Robert Frank

From Academic Kids

Robert Frank (b. November 9, 1924, Zürich, Switzerland) is an important figure in American photography and film. His most notable work, the 1958 photographic book titled simply The Americans, was heavily influential in the post-war period, and earned Frank comparisons to a modern-day de Tocqueville for his fresh and skeptical outsider's view of American society. Frank later expanded into film and video and experimented with compositing and manipulating photographs.

Contents

Background and early photography career

Frank was born to a wealthy Jewish family in Switzerland. Frank's mother, Rosa, was Swiss, but his father, Hermann, had become stateless after World War I and had to apply for the Swiss citizenship of Frank and his older brother, Manfred. Though Frank and his family remained safe in Switzerland during World War II, the threat of Nazism nonetheless affected his understanding of oppression. He turned to photography in part as a means to escape the confines of his business-oriented family and home, and trained under a few photographers and graphic designers before he released his first book of photographs, 40 Fotos, in 1946. Frank emigrated to the United States in 1947, and secured a job in New York City as a fashion photographer for Harper's Bazaar. He soon left to travel in South America and Europe. He published two more books of photos he took in Peru, and returned to the U.S. in 1950. That year was momentous for Frank, who after meeting Edward Steichen participarted in the group show 51 American Photographers at the Museum of Modern Art; he also married fellow artist, Mary Lockspeiser, with whom he had two children, Andrea and Pablo.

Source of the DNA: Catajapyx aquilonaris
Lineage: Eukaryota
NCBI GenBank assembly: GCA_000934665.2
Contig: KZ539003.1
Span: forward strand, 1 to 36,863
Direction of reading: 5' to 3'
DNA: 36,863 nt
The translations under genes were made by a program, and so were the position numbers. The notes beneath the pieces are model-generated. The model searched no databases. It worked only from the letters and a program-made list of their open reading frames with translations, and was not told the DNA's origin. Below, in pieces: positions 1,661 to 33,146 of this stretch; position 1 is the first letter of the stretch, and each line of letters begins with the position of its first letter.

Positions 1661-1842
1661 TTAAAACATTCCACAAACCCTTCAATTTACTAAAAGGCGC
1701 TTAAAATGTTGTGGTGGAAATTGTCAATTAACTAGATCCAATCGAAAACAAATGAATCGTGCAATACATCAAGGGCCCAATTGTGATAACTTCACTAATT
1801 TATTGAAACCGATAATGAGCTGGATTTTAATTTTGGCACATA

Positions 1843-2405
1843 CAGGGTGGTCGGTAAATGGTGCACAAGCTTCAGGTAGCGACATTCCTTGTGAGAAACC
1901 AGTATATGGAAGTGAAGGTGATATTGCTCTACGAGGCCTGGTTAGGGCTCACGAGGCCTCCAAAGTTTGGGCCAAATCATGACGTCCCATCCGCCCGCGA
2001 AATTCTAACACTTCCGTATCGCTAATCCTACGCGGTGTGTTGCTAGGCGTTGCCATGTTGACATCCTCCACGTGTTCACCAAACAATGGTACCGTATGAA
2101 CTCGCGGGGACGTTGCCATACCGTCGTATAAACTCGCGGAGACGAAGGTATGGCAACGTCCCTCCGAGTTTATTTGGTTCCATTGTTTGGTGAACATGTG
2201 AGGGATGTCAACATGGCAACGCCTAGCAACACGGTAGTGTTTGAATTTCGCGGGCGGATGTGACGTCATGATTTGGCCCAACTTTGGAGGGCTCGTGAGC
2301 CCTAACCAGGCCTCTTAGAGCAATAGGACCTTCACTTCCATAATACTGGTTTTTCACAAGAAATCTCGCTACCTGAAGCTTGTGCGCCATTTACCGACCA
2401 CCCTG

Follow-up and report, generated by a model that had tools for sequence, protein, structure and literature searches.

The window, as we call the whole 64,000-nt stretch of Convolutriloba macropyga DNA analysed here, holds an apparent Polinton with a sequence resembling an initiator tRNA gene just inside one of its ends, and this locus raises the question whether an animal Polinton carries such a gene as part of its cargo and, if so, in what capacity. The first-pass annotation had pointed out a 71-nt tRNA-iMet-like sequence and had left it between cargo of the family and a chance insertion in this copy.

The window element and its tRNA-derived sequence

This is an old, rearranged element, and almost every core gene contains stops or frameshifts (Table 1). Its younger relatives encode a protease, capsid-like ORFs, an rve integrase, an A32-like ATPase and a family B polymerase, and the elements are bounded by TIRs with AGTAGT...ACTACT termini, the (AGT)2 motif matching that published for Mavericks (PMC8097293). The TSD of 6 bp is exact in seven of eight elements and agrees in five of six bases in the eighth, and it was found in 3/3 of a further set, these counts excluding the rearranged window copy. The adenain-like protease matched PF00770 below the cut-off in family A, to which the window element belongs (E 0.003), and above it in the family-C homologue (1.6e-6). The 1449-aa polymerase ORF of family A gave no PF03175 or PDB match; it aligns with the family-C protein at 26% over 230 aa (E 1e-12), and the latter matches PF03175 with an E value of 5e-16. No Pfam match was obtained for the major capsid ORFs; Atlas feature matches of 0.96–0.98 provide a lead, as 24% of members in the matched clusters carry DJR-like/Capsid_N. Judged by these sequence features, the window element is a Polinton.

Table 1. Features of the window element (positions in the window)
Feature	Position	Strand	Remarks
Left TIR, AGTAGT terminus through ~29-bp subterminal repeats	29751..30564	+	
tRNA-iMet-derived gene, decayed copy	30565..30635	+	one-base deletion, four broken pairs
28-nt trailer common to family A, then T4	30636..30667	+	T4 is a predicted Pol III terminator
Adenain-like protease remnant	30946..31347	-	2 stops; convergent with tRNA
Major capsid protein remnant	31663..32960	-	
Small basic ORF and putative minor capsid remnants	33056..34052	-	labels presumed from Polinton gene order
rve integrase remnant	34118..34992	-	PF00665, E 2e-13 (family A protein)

Though he was initially optimistic about the United States, Frank's perspective quickly changed as he confronted the fast pace of American life and what he saw as an overemphasis on money. He now saw America as an often bleak and lonely place, a perspective that became evident in his later photography. Frank's own dissatisfaction with the control his employers exercised over his work also undoubtedly colored his experience. He continued to travel, moving his family briefly to Paris. In 1953, he returned to New York and quit fashion photography to become a freelance photojournalist for magazines including McCall's, Vogue, and Ladies Home Journal.

The Americans

Missing image
The_Americans.jpg
The Americans, 1997 sixth printing

With the aid of his major artistic influence, the photographer Walker Evans, Frank secured a grant from the Solomon R. Guggenheim Foundation in 1955 to travel across the United States and photograph its society at all strata. He took his family along with him for part of his series of road trips over the next two years, during which time he took 28,000 shots. Only 83 of those were finally selected by him for publication in The Americans. Frank's journey was not without incident. While driving through Arkansas, Frank was arbitrarily thrown in jail (http://www.photopermit.org/articles/FrankReport.html) after being stopped by the police; elsewhere in the South, he was told by a sheriff that he had "an hour to leave town."